Did a "Big Pharma" CEO say "We're in Business of Shareholder Profit, Not Helping The Sick"? No, that's not true: a partisan website published an article in 2016 with a headline making that claim but the quote in the headline appears to be entirely made up and the rest of the story uses selective quoting, missing context and other techniques to gin up anger and clicks. The story has kept generating outrage even though the CEO in question stepped down months before the article was even published.
The quote appeared in the headline of an article (archived here) that recently went viral again which was published by Political D!G on October 17, 2016 under the title "Big Pharma CEO: 'We're in Business of Shareholder Profit, Not Helping The Sick'". It opened:
Last July, Turing Pharmaceuticals' CEO Martin Shkreli became a lightning rod for growing outrage over soaring prescription drug prices after he raised the price of a newly-acquired drug from $13.50 to $750. But Shkreli, who earned the title 'the most hated man in America,' is not the only one acquiring drugs currently on the market to raise their price and, in turn, rapidly drive up their stock price.
J. Michael Pearson, the CEO of Valeant Pharmaceuticals has enraged the internet after saying in a recent interview with MSNBC that "his company's responsibility is to its shareholders, not the customers who rely on his drugs to live."
"My primary responsibility is to Valeant shareholders. We can do anything we want to do. We will continue to make acquisitions, we will continue to move forward," Pearson said.
That sounds pretty terrible, right?
The story links to the actual 2014 CNBC interview Pearson had with Meg Tirrell. The interview with Pearson is about a bid his company made to aquire more stock in a company named Allergan and the market's reaction to that:
TIRRELL: SO YOU ANNOUNCED A RAISED BID TODAY FOR ALLERGAN. YOUR STOCK, HOWEVER, IS DOWN A FEW PERCENT. MAYBE YOU CAN EXPLAIN WHY YOU THINK INVESTORS MIGHT BE REACTING THAT WAY.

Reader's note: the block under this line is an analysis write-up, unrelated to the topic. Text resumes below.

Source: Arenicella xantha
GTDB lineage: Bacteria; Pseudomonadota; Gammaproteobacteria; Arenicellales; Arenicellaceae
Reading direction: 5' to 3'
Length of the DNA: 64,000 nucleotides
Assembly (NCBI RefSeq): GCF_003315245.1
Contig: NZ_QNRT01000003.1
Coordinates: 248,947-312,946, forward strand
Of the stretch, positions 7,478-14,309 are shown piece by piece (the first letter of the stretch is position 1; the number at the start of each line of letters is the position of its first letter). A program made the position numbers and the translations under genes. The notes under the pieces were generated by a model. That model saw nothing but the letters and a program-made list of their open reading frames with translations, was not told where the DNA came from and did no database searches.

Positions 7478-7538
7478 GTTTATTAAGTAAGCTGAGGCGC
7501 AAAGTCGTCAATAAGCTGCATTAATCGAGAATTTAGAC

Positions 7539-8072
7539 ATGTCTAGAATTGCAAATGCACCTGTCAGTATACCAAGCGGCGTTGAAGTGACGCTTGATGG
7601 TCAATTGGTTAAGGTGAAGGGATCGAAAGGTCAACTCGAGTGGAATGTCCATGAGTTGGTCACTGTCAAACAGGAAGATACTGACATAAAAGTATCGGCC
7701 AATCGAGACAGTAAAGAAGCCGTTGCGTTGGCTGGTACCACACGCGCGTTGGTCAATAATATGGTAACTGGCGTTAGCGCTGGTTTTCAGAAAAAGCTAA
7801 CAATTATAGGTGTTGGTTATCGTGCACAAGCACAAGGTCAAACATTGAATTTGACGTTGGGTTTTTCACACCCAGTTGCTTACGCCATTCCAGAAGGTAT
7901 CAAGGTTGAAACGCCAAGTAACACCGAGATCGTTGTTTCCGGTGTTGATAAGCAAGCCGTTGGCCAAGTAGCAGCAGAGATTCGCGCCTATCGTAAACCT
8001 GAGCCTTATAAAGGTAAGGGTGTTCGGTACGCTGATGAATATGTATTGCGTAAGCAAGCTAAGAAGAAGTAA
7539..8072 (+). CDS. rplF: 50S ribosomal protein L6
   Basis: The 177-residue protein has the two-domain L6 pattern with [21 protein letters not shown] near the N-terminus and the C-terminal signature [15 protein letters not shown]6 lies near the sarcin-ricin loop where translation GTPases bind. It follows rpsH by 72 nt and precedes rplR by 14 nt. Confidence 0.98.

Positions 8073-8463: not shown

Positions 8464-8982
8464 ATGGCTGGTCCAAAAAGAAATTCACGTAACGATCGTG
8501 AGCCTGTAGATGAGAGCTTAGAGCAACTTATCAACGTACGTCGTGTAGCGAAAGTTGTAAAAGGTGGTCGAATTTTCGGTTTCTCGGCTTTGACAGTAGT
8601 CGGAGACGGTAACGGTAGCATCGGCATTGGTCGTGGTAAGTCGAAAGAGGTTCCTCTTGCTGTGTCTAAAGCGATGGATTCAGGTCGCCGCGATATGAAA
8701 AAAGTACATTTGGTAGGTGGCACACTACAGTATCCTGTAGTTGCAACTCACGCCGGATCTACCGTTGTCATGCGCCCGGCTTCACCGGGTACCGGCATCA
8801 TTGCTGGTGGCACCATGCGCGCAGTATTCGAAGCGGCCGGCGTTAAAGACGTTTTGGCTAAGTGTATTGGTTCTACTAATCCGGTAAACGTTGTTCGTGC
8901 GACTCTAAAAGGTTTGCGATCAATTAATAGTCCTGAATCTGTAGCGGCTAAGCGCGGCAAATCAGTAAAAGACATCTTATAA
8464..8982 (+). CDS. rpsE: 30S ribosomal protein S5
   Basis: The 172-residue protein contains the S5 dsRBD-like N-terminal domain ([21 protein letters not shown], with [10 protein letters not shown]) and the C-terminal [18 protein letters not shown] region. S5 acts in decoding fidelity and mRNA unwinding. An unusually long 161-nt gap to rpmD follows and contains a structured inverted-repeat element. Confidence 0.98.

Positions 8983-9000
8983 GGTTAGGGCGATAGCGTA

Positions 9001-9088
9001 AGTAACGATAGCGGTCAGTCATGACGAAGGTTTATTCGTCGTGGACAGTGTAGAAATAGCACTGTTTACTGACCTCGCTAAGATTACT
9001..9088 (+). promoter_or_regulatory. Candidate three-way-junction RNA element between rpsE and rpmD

PEARSON: ONE NEVER KNOWS FOR SURE, BUT WHAT I HAVE READ IS THAT SOME WERE EXPECTING A MUCH HIGHER OFFER. AND IF WE HAD HAD A HIGHER OFFER, THEN MAYBE THIS DEAL WOULD HAVE BEEN COMPLETED MORE QUICKLY. BUT WE ARE GOING TO REMAIN FINANCIALLY DISCIPLINED. WE BELIEVE THIS IS A GREAT DEAL FOR BOTH SETS OF SHAREHOLDERS - AS WHAT WE HAVE HEARD FROM BOTH SETS OF SHAREHOLDERS. BUT MY PRIMARY RESPONSIBILITY IS TO VALEANT SHAREHOLDERS AND WE ARE NOT GOING TO OVER BID FOR THIS ASSET.
TIRRELL: RIGHT. AND YOU HAD A LOT OF QUESTIONS TODAY FROM ANALYSTS, INVESTORS IN THE AUDIENCE ABOUT HOW LONG YOU WOULD WAIT OR POTENTIALLY IS THIS YOUR LAST BID. WHAT DO YOU SAY TO THAT? COULD YOU GO HIGHER THAN THIS?
PEARSON: WE HAVE SAID, AND WHAT WE CONSISTENTLY SAY, WE ARE HAPPY TO SIT DOWN WITH THEM AND TRY TO NEGOTIATE A FINAL DEAL. WE WILL NOT BE MAKING ANY OTHER OFFER UNTIL THEY ARE WILLING TO SIT DOWN WITH US OR WE GO DIRECTLY TO A SPECIAL MEETING. AND IN TERMS OF OUR PERSISTENCE, WE WERE PERSISTENT. AND IN TERMS OF RUNNING OUR BUSINESS, WE CAN DO ANYTHING WE WANT TO DO. WE WILL CONTINUE TO MAKE ACQUISTIONS, WE WILL CONTINUE TO MOVE FORWARD. SO THIS DOES NOT CHANGE OUR RUNNING OUR BUSINESS, SO WE WILL BE PERSISTENT.
(bolded parts are the source of one of the quotes in the Political D!G article)
It is quite clear he is speaking about putting the interests of his own Valeant shareholders over the interests of the shareholders of Allergan, not over "the sick" or "customers who rely on his drugs to live". And that "doing anything we want to do" refers to how much his company is willing to offer to buy the stock or which other companies it might want to buy.
In fact the words "customers", "helping", "sick" or "profit" don't occur in the interview at all.
While it is perfectly fine to paraphrase something someone said or implied and use that as a headline, presenting it as a direct quote between quotation marks is not done. And completely distorting the meaning of what someone said and then presenting that as a direct quote is even worse. As is copy-pasting bits of a statement together and presenting it as a single quote without indicating words, sentences or even entire paragraphs were omitted.
Note that there is one real quote from Pearson in the article: "If products are sort of mispriced and there's an opportunity, we will act appropriately in terms of doing what I assume our shareholders would like us to do."
You can also find this quote in this New York Times article about Pearson stepping down from the company in March 2016 because of public outcry over his strategy:
As recently as last summer, J. Michael Pearson styled himself as a brash and bold executive with a new way of thriving in pharmaceuticals: buying other companies, slashing costs and sharply raising prices on undervalued drugs. The strategy had worked for years, as Valeant Pharmaceuticals, the company he ran, became an investor favorite.
However disagreeing with someone's business ethics does not make it OK to fabricate or make up quotes.
NewsGuard, a company that uses trained journalist to rank the reliability of websites, describes politicaldig.com as:
An anonymously run liberal website that sharply criticizes the Trump administration and regularly appears to plagiarize news stories.
According to NewsGuard the site does not maintain basic standards of accuracy and accountability. Read their full assessment here.
We can only agree with that.